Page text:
She went on to blast spending waste in the Fed when she said, “Here's the other thing. Every time the liberals get into office, they pass an omnibus bill of big spending projects. What we need to do is pass the mother of all repeal bills, but it's the repeal bill that will get a job killing regulations. And I would begin with the EPA, because there is no other agency like the EPA. It should really be renamed the job-killing organization of America.”
So well put.
The only cloud over Bachman’s otherwise wonderful performance came on abortion. She alluded to a view she is against abortion in matters of rape, incest and when termination can save the mother’s life. For women who otherwise like Bachman, she may need to rethink this opinion. There are women who have children and family they have to think about if a medically problematic pregnancy risks her life, and for whom this weighty question doesn’t just affect them but the children already born and needing Mom in their lives.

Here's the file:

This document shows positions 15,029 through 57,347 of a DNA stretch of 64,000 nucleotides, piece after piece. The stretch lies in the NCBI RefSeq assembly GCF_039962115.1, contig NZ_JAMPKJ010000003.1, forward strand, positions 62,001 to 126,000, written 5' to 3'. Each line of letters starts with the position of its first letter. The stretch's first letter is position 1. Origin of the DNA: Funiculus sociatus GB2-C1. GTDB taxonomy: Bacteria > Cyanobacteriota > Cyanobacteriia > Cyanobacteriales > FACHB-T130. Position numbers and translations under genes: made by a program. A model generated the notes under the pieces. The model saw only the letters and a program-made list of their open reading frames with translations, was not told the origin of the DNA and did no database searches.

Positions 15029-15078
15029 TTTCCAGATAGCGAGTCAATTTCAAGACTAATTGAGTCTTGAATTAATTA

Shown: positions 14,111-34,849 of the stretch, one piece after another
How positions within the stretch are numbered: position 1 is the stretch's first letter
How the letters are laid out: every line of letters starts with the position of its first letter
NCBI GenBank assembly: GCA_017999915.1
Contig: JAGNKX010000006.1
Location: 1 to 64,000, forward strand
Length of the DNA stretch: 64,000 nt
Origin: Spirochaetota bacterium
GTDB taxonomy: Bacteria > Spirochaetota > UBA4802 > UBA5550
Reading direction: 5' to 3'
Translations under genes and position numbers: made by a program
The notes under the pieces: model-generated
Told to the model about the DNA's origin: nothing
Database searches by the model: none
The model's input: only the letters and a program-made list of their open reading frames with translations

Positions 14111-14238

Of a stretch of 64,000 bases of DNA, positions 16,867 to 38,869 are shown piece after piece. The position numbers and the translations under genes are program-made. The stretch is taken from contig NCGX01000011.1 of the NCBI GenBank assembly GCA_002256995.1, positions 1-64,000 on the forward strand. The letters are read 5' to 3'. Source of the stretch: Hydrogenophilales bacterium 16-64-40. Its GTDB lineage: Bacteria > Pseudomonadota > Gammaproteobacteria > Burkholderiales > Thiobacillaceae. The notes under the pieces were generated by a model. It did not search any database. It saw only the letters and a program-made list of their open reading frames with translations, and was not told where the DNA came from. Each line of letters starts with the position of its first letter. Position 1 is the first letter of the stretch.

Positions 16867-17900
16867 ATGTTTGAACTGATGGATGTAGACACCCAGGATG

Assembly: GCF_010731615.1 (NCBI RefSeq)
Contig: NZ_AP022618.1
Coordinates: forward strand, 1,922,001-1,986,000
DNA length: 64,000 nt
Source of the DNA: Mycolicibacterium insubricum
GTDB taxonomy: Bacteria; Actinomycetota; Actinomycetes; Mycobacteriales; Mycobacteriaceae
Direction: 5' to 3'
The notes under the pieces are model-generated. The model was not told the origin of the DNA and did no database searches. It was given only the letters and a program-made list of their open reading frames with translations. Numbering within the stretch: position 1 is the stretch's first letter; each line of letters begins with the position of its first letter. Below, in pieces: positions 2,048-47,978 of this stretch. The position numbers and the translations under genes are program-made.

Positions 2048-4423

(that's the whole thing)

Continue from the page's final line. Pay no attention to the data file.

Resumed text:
Despite what appeared to be a strident attempt on the part of CNN to luster-down the aura of charismatic Herman Cain, the Godfather’s Pizza CEO showed he wasn’t going to be a door mat. In responding to the charge that he had claimed in one interview that’d he’d not accept a Muslim in his administration Cain aptly corrected that misrepresentation. Cain reiterated the original question and his original comment, that he would be uncomfortable to consider a Muslim in his administration. He further clarified the matter by saying, “You have peaceful Muslims and you have militant Muslims - those that are trying to kill us. And so when I said I wouldn't be comfortable I was thinking about the ones trying to kill us.”